The Bone & Joint Journal 09/2012; 94(9):1277-81. DOI:10.1302/0301-620X.94B9.29697 · 3.31 Impact Factor
Available from: Richard S. Yoon
[Show abstract] [Hide abstract]
ABSTRACT: In 1943, Austin Moore developed the first endoprosthesis fashioned from Vitallium, providing the first alternative to traditional amputation as primary treatment of bone tumors. The success of the Vitallium endoprosthesis has since then led to the development of new materials and designs further advancing limb salvage and reconstructive surgery. Combined with the advent of chemotherapy use and imaging advances, conservative treatment of musculoskeletal tumors has expanded greatly. As the implantable options increased with the development of the Lewis expandable adjustable prosthesis and the noninvasive Phenix Growing prosthesis, receiving the diagnosis of a bone tumor no longer equates to automatic limb loss. Our review details the history and development of endoprostheses throughout orthopedic oncology in the treatment of musculoskeletal tumors.
Journal of Orthopaedics and Traumatology 09/2013; 15(2). DOI:10.1007/s10195-013-0265-8
[Show abstract] [Hide abstract]
ABSTRACT: Since 1922 surgical approaches toward limb salvage in bone and soft tissue tumours have been documented. There is the famous "Umkippplastik" of Sauerbruch, the "Tikhoff-Linberg" inter-scapulo-thoracic resection or in 1943 a metallic tumour prosthesis for the hip joint in the United States (Moore, Bohlman). Since 1960 acrylic prostheses and metallic prosthesis with bone cement have been in use. Cement-free implants and the first modular ceramic prostheses were implanted in the 1970s in Vienna. At the same time successful chemotherapy in bone sarcomas was introduced by Gerald Rosen and Norman Jaffe. This was mainly the decade of custom-made prostheses. In the 1980s modular tumour prostheses with cone connection to be adopted to the needs of the patient were built intra-operatively. Since 1981 biannual international meetings (ISOLS) have pushed forward the field of bone tumour treatment to allow also tumour resection in wide borders for spine and pelvic tumours. New hope for resistant tumours could be monoclonal antibodies or even dendritic cell therapy.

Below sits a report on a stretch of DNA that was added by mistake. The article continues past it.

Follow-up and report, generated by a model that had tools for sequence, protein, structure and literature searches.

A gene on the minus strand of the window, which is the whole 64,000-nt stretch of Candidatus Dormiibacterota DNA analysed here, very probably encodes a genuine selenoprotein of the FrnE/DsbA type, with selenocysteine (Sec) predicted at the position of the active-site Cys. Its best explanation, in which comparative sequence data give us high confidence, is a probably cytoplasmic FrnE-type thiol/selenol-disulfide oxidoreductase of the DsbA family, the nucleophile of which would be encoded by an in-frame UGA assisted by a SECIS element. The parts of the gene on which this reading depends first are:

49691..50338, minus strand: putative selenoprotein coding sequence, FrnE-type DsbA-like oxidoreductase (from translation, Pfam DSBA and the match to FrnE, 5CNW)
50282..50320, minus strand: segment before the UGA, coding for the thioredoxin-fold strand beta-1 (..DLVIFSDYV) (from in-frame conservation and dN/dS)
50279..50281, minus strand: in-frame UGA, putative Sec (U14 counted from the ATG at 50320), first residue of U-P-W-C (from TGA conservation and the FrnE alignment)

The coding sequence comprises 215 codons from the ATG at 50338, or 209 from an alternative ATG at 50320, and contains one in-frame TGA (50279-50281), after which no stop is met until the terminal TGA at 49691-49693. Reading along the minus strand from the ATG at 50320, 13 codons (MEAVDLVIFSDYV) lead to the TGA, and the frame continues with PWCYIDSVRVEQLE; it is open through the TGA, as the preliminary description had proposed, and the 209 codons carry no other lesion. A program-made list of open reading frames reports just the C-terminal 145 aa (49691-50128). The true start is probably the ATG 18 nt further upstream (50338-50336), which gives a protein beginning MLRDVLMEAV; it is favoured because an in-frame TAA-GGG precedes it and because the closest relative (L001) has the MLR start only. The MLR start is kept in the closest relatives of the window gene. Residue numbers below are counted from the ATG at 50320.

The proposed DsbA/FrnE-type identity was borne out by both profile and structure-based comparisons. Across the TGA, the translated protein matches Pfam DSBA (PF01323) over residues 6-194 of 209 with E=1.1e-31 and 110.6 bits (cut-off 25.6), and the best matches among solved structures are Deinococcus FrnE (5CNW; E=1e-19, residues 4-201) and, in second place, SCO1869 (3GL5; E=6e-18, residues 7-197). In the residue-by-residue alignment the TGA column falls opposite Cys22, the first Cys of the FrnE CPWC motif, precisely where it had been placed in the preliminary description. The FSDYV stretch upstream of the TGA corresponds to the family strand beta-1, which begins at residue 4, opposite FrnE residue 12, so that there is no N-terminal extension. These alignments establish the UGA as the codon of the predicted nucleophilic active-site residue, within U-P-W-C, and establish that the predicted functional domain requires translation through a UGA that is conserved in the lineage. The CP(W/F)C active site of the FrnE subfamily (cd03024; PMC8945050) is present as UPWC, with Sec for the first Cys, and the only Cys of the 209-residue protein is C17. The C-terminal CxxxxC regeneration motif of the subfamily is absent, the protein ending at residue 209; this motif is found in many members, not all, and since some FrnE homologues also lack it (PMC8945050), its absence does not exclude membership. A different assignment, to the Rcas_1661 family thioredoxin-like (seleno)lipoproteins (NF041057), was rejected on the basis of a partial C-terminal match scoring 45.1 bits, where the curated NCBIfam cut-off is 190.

International Orthopaedics 03/2014; 38(5). DOI:10.1007/s00264-014-2315-0 · 2.11 Impact Factor
Data provided are for informational purposes only. Although carefully collected, accuracy cannot be guaranteed. The impact factor represents a rough estimation of the journal's impact factor and does not reflect the actual current impact factor. Publisher conditions are provided by RoMEO. Differing provisions from the publisher's actual policy or licence agreement may be applicable.